In the days and weeks preceding January 6, many more leaders, including many evangelical leaders, could have spoken truth to the disillusioned supporters of President Trump—diminishing the prospects for violence and bolstering the witness of Christian love and the call for justice in our civic life. Some did. However, many wittingly propagated lies, or were unduly silent in a just cause. Our Christian faith demands greater courage.

We repent of our own failures to speak and to act in accordance with justice, and we lament the failures of the Church to teach clearly and to exercise adequate church discipline in these areas. Moreover, we grieve over the inadequate level of discipleship that has made room for this type of behavior among those who self-identify as Christian.

How a Sean Feucht worship service convinced me I am no longer an evangelical

D.L. Mayfield wrote about her recent experiences as both an evangelical Christian and a Black Lives Matter supporter. How she feels is how I feel. I felt like I knew what I believed and that the subcommunity that I grew up in believed the same things. Then George Floyd was murdered and civil rights supporters started organizing Black Lives Matter protests. And I found out that many of “my people” cared more for White nationalism than they did for Biblical faithfulness and love.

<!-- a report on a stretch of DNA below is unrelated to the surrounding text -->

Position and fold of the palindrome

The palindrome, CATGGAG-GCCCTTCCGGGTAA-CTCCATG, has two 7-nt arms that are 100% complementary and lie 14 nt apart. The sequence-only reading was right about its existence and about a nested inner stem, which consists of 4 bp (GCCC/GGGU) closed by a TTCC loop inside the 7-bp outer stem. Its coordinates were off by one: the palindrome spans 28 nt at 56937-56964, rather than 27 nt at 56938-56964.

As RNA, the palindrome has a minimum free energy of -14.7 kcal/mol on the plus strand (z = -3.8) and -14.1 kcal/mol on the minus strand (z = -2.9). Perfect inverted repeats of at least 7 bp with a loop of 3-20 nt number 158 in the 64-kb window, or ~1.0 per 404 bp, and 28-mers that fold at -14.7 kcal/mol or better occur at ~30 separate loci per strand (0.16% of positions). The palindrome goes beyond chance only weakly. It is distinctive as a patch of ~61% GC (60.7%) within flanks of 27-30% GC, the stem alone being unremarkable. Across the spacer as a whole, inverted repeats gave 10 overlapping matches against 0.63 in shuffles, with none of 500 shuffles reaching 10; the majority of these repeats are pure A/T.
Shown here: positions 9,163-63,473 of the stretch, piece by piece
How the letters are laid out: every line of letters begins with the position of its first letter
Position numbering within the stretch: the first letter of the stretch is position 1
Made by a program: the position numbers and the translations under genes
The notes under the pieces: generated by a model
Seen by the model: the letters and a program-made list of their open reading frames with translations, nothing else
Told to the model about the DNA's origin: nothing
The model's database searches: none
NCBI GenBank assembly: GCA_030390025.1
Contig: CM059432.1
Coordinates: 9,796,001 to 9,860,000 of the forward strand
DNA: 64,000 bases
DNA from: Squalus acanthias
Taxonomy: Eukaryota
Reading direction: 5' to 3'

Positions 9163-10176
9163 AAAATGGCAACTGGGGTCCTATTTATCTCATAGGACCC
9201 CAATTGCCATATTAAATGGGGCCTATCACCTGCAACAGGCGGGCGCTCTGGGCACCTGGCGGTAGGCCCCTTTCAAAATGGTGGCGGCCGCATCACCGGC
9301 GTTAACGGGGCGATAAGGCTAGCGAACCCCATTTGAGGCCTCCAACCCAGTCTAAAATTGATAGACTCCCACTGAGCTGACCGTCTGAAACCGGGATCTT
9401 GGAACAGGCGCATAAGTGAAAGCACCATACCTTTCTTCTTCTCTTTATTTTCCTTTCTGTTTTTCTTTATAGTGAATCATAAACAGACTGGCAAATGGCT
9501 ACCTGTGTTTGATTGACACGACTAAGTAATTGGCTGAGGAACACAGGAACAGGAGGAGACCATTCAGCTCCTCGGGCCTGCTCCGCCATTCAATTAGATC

How a Sean Feucht worship service convinced me I am no longer an evangelical

One can’t simply wish or pretend away what they are, I thought. Even though I felt confused, heartbroken and betrayed by the marriage of nationalism and Christianity I saw on full display in my community, that didn’t make me a sudden outsider. I simply was an evangelical; I had been born one — a home-schooled pastor’s kid who went to a Bible college to be a missionary — and I would remain one (until I got kicked out, I joked with my friends).

As a freelance writer who wrote primarily for evangelical audiences, I thought maybe I had a unique opportunity to evangelize my own people. They were, after all, the ones who raised me to love God and read the Bible, to become a disciple of Jesus. Surely they might be open to seeing how their views on immigration, police brutality, war, unchecked capitalism, the prison industrial complex and more might be at odds with the message of Jesus?